What is a COVID VOE?

November 21st, 2020
career

Mortgage lenders are now required to confirm that you are still employed prior to closing on a mortgage, three business days prior in fact. Mortgage lenders are always required to verify that a borrower has not lost their job, been furloughed, laid off, or had their income altered prior to closing because it impacts their ability to repay the loan. Previously, lenders were able to document a borrower’s employment 10 calendar days prior to settlement.

But because of the pandemic and its economic impacts, mortgage lenders need to know whether or not borrowers have been affected by a layoff or a furlough due to COVID-19 with a VOE.

A VOE is a “Verification of Employment” form that is sent to employers to reconfirm your employment. However, the COVID VOE can be inaccurate because whoever is responsible for completing the VOE may delay its completion which can delay settlement. To help avoid a delay in your settlement, always provide your mortgage lender a reliable point of contact who can quickly and accurately confirm your employment.

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VA Refinance Recoupment Period

October 26th, 2020
calculator

With a VA loan, the United States Department of Veterans Affairs requires that the closing costs on a VA refinance be recouped in 36 months or less. If the recoupment period is over 36 months the loan will be rejected.

In other words, the refinance closing costs divided by the monthly savings has to be 36 or less, signifying the number of months in the recoupment period.

For example, if the closing costs on a VA refinance are $3,000 and the monthly savings on the refinance are $400 a month, the recoupment period is 7.5 months because $3,000 divided by $400 a month in savings = 7.5 (well within 36 months).

If the closing costs on a VA refinance are $3,000 and the monthly savings on the refinance are $200 a month, then the recoupment period is 15 months ($3,000 divided by $200 a month in savings = 15) which is within 36 months.

If the closing costs on a VA refinance are $5,000 and the monthly savings on the refinance are $125 a month, then this will not be approved since the recoupment period is 40 months. $5,000 divided by $125 a month in savings = 40.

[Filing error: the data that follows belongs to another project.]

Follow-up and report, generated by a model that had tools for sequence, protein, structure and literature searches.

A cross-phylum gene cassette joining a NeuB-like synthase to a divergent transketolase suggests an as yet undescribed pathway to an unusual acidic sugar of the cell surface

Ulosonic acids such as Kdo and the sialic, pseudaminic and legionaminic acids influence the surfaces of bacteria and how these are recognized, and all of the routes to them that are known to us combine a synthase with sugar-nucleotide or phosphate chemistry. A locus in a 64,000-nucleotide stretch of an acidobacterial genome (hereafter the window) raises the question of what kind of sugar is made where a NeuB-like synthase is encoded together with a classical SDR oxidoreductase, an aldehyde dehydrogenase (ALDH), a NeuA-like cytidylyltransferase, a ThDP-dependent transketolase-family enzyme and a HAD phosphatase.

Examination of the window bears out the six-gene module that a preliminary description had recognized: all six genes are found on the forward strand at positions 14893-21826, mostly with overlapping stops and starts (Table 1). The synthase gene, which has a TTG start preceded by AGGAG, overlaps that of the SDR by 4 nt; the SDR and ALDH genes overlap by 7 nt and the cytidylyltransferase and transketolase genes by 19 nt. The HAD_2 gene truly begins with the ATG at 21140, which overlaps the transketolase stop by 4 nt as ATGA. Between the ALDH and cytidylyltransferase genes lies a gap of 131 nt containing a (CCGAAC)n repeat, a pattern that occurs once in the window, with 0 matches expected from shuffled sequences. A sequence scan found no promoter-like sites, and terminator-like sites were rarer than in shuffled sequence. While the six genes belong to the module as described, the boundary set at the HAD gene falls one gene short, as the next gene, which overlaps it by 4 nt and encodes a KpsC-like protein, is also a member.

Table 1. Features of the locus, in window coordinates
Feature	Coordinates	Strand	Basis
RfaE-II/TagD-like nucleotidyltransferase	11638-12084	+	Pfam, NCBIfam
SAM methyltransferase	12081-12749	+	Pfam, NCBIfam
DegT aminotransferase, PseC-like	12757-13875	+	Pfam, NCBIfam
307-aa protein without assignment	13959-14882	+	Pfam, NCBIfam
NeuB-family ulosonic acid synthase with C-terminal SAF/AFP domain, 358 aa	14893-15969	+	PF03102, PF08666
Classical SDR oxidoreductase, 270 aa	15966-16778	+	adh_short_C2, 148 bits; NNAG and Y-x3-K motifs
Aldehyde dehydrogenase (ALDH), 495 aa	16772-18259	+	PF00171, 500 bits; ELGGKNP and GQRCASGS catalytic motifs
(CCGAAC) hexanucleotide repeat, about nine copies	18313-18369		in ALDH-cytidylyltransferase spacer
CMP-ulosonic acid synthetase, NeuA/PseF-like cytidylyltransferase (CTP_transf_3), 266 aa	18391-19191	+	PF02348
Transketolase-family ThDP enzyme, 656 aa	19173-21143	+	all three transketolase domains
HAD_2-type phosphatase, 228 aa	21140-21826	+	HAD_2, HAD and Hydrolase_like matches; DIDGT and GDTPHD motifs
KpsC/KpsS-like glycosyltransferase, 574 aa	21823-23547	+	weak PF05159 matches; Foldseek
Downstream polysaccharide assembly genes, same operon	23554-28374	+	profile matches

The Department of Veterans Affairs would say the last scenario has closing costs that are too high and an insufficient monthly savings for a VA refinance loan.

It is important to realize that the Department of Veterans Affairs has this recoupment period limit of 36 months when considering your VA refinance.

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Mortgage Forbearance

August 29th, 2020
no money

Forbearance, only do it if you absolutely have to. Some people are taking a Forbearance on their mortgage as a way to take a break on their mortgage payment when they really do not need to.

But forbearance does not mean you can skip mortgage payments and never pay them back. You have to repay any missed or reduced payments in the future. So, if you’re able to keep up with your payments, keep making them.

Taking a forbearance will also impede your ability to refinance. Having a forbearance on your credit report means you cannot get a new mortgage. You would have to bring the loan current. Read the rest of this entry »

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Mortgage forbearance

July 1st, 2020
no cost

Forbearance – you should only do it if you absolutely have to. Some people are taking a forbearance on their mortgage as a way to take a break on their mortgage payment when they really do not need to.

Forbearance does not mean you can skip mortgage payments and never pay them back. You have to repay any missed or reduced payments in the future. So, if you’re able to keep up with your payments, keep making them.

Taking a forbearance will also impede your ability to refinance. Having a forbearance on your credit report means you cannot get a new mortgage. You have to bring the loan current to do so. Read the rest of this entry »

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6 Tips on Choosing a Mortgage Lender or Broker

April 10th, 2020
bad versus good